First Saturday of Advent
December 3, 2011
Then the Pharisees went and plotted to entrap him in what he said. So they sent their disciples to him, along with the Herodians, saying, “Teacher, we know that you are sincere, and teach the way of God in accordance with truth, and show deference to no one; for you do not regard people with partiality. Tell us, then, what you think. Is it lawful to pay taxes to the emperor, or not?” But Jesus, aware of their malice, said, “Why are you putting me to the test, you hypocrites? Show me the coin used for the tax.” And they brought him a denarius. Then he said to them, “Whose head is this, and whose title?” They answered, “The emperor’s.” Then he said to them, “Give therefore to the emperor the things that are the emperor’s, and to God the things that are God’s.” When they heard this, they were amazed; and they left him and went away. (Matthew 22:15-22)
Now to him who is able to keep you from falling, and to make you stand without blemish in the presence of his glory with rejoicing, to the only God our Savior, through Jesus Christ our Lord, be glory, majesty, power, and authority, before all time and now and for ever. Amen. (Jude 24-25)
Religious people can be tough on one another when they suspect that someone thinks differently than they do about something concerning faith. Some of the people who were wary of Jesus were busy about doing that, and thought that they’d come up with a really clever way to trap him. They figured that he was in trouble regardless of his answer about taxes: If he said it was lawful to pay taxes to Caesar, then he would expose himself as a compromised Jew; if he said it wasn’t lawful to pay, then they could report him to the Roman authorities as a lawless rabble rouser.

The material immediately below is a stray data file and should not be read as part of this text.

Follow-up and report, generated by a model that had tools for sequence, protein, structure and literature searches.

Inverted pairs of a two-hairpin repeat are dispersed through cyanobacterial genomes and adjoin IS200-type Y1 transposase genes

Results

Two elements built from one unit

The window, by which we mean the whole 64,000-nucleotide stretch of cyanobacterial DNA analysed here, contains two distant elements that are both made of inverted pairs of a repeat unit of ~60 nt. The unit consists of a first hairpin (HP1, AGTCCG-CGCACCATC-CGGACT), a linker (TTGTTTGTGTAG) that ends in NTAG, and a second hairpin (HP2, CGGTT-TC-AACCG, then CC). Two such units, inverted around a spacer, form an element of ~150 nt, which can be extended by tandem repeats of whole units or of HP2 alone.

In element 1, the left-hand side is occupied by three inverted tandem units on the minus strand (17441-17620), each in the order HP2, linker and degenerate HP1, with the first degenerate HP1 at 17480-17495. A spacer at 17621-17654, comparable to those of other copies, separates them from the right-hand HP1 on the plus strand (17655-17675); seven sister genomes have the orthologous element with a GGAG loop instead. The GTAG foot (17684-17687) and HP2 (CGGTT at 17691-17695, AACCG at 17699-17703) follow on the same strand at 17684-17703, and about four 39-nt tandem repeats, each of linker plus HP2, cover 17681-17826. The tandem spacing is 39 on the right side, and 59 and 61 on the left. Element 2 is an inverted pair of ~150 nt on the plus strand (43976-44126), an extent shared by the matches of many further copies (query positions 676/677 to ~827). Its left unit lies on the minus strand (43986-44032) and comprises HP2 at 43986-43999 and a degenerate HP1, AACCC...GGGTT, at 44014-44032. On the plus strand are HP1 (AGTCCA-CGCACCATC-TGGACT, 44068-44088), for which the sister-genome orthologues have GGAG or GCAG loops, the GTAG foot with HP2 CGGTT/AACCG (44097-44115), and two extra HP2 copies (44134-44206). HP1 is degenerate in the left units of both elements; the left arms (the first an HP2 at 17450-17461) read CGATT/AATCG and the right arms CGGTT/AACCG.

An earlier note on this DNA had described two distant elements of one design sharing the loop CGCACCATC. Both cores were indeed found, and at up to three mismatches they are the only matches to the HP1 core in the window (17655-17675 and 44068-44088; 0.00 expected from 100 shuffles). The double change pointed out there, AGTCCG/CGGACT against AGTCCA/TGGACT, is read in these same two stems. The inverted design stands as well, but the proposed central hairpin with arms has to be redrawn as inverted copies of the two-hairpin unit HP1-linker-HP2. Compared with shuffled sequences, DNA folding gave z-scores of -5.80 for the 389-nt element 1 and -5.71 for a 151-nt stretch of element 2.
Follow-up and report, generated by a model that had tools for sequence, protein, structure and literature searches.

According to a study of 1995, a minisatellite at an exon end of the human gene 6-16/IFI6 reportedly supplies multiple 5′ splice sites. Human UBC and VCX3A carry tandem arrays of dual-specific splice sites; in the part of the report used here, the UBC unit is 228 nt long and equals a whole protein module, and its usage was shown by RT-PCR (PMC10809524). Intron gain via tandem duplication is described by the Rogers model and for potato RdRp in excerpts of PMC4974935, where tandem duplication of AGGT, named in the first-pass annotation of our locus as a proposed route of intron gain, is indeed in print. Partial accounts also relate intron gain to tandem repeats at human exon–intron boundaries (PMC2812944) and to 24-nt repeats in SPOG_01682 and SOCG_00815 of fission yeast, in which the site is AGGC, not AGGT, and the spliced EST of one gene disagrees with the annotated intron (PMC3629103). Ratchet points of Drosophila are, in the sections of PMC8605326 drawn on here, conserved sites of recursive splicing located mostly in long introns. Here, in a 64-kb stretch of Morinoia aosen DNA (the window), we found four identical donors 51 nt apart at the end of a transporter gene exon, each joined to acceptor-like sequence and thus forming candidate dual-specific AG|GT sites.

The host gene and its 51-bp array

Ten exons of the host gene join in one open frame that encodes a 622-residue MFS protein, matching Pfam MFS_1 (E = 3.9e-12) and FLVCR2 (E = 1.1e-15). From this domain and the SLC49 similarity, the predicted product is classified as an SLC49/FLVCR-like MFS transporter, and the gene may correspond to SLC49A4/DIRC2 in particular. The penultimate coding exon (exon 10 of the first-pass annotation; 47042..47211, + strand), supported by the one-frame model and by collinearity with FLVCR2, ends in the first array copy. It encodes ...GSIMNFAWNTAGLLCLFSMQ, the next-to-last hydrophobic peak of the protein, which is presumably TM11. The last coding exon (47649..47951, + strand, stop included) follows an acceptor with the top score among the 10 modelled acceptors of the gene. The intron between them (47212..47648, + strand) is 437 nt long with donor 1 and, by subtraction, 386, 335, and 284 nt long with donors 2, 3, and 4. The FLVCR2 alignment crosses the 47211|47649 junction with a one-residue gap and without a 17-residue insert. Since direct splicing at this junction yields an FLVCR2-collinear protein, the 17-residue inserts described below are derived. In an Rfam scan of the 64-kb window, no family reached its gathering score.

Jesus, however, turned the tables on them with his simple words, “Give therefore to the emperor the things that are the emperor’s, and to God the things that are God’s.” Paying taxes to Caesar were just part of their reality. There would always be someone in charge who demanded payment for services rendered, whether real or imagined, and Jesus didn’t seem concerned about that.
His words, however, strike a disturbing chord. There are things that go to Caesar that are different than the things that go to God. Taxes are about money and represent the economic fuel that keeps governments moving. But that which goes to God is different from any kind of economic or material substance. On that, Jesus does not want his hearers to be confused.
Christians, however, throughout the ages have indeed gotten confused about this. From Jesus’ coming at his birth to the gatherings of the first Christians, this confusion has caused persecution and hatred. By the fourth century people began to confuse the Empire with the Church—a confusion that exists in some form even today in certain places. In the 1930’s and 40’s, people in Germany began to allow Hitler’s agenda to be compatible with the state church’s agenda. Even in the US we often confuse our nation (or at least our preferred political party) with the desires of God.
If some sort of tribute is inevitable when it comes to nations and rulers and governments, then what sort of things are for God? What things are separate, unique, and sacred? Jude says it well: Glory, majesty, power, and authority. That belongs to God. Let Caesar have his taxes.